We are just starting to scratch the surface and many companies are just starting to invest in AI training. Employers must be thoughtful about what AI means for their employees, ethical about how they bring in AI, and invest in the needed training for their employees. It is also critical to ensure cross-sector outreach to diverse communities and to invest in skills that can help lead to expanded access to opportunity. Employers will need to be conscious of training both more senior and junior employees in AI.

It’s also important that mitigation and strict guidelines are in place to ensure that AI is not disproportionately impacting one group of people over another. As one example, in terms of representation right now in AI, we are seeing that the artificial intelligence sector is overwhelmingly represented by men (70%) compared to women (~30%) — this makes men more than twice as likely as women to be in the AI industry. So these are some of the things business leaders need to consider and be thoughtful about moving forward as AI becomes more mainstream.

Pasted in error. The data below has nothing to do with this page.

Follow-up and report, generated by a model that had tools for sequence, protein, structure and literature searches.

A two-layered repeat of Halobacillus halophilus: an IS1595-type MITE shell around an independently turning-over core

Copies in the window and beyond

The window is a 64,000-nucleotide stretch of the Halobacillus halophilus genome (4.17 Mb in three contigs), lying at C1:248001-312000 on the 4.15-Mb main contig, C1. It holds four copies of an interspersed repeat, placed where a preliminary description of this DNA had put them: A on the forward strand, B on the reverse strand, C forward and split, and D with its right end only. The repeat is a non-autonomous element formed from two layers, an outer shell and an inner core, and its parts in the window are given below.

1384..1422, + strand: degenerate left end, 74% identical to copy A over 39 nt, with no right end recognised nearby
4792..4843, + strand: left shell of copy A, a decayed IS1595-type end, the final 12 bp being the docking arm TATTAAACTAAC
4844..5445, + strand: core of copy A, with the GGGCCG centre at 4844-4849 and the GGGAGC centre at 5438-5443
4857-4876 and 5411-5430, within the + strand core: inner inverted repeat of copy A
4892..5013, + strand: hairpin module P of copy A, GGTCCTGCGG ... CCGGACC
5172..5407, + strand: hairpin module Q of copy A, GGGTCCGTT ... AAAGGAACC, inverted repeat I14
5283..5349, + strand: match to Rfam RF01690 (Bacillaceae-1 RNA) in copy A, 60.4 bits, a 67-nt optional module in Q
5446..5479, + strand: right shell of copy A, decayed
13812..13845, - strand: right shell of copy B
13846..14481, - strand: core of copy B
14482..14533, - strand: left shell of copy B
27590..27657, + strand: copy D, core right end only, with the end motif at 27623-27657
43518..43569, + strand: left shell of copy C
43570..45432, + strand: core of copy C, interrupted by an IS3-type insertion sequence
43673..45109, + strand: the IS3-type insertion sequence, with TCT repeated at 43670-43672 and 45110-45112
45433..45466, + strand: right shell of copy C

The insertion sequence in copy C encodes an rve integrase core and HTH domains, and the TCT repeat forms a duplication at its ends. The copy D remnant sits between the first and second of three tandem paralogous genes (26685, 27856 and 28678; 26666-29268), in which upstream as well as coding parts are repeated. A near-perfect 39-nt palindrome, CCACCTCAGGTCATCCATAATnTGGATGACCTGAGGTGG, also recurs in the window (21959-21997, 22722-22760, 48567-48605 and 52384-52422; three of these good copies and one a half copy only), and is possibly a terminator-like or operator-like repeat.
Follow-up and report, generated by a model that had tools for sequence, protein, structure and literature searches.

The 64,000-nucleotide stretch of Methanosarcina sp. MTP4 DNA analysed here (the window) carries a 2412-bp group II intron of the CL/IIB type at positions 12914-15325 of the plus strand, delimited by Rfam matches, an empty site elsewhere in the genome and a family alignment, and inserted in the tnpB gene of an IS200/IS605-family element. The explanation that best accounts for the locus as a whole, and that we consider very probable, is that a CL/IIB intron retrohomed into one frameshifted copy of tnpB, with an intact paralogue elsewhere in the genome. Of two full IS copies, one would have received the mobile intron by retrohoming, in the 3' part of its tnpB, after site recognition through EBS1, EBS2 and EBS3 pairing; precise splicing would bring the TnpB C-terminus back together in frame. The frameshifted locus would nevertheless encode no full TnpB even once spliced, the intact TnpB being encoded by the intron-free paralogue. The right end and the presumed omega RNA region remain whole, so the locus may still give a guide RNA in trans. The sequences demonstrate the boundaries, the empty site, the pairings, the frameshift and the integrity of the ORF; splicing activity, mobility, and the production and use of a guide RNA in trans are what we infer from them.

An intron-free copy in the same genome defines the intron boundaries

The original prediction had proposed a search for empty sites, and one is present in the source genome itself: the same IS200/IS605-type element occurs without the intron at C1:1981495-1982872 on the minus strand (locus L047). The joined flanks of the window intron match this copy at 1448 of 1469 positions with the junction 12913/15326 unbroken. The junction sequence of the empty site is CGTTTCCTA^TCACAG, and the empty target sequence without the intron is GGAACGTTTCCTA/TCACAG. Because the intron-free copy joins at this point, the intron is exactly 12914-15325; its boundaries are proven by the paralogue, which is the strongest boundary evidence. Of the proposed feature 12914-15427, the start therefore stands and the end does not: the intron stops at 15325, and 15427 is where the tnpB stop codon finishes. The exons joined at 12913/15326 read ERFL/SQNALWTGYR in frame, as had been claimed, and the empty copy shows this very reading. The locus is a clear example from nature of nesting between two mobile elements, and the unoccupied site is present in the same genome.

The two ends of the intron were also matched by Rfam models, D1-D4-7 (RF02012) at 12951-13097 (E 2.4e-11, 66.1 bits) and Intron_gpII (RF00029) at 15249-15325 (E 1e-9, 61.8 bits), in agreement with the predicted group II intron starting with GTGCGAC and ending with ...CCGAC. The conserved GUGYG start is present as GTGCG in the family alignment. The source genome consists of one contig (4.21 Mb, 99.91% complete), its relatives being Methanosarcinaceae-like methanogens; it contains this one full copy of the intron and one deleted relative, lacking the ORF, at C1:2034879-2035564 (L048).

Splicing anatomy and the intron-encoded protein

Age is just a number in the digital space. What does your Future of Work report state about the excitement around AI among different age groups?

When it comes to conversations around AI and overall excitement for AI, we see that younger generations are particularly excited about AI and how it could help them in their careers.

We know that Millennials and Gen Z are driving the bulk of conversations around AI on LinkedIn (45% and 26%, respectively). At the same time, Millennial and Gen Z survey respondents globally expressed noticeably higher excitement than their Gen X and Baby Boomer counterparts when it comes to AI’s ability to provide access to knowledge and information faster, improve the quality of their work (copywriting, creating presentations, etc.), and help them summarize a lot of information quickly.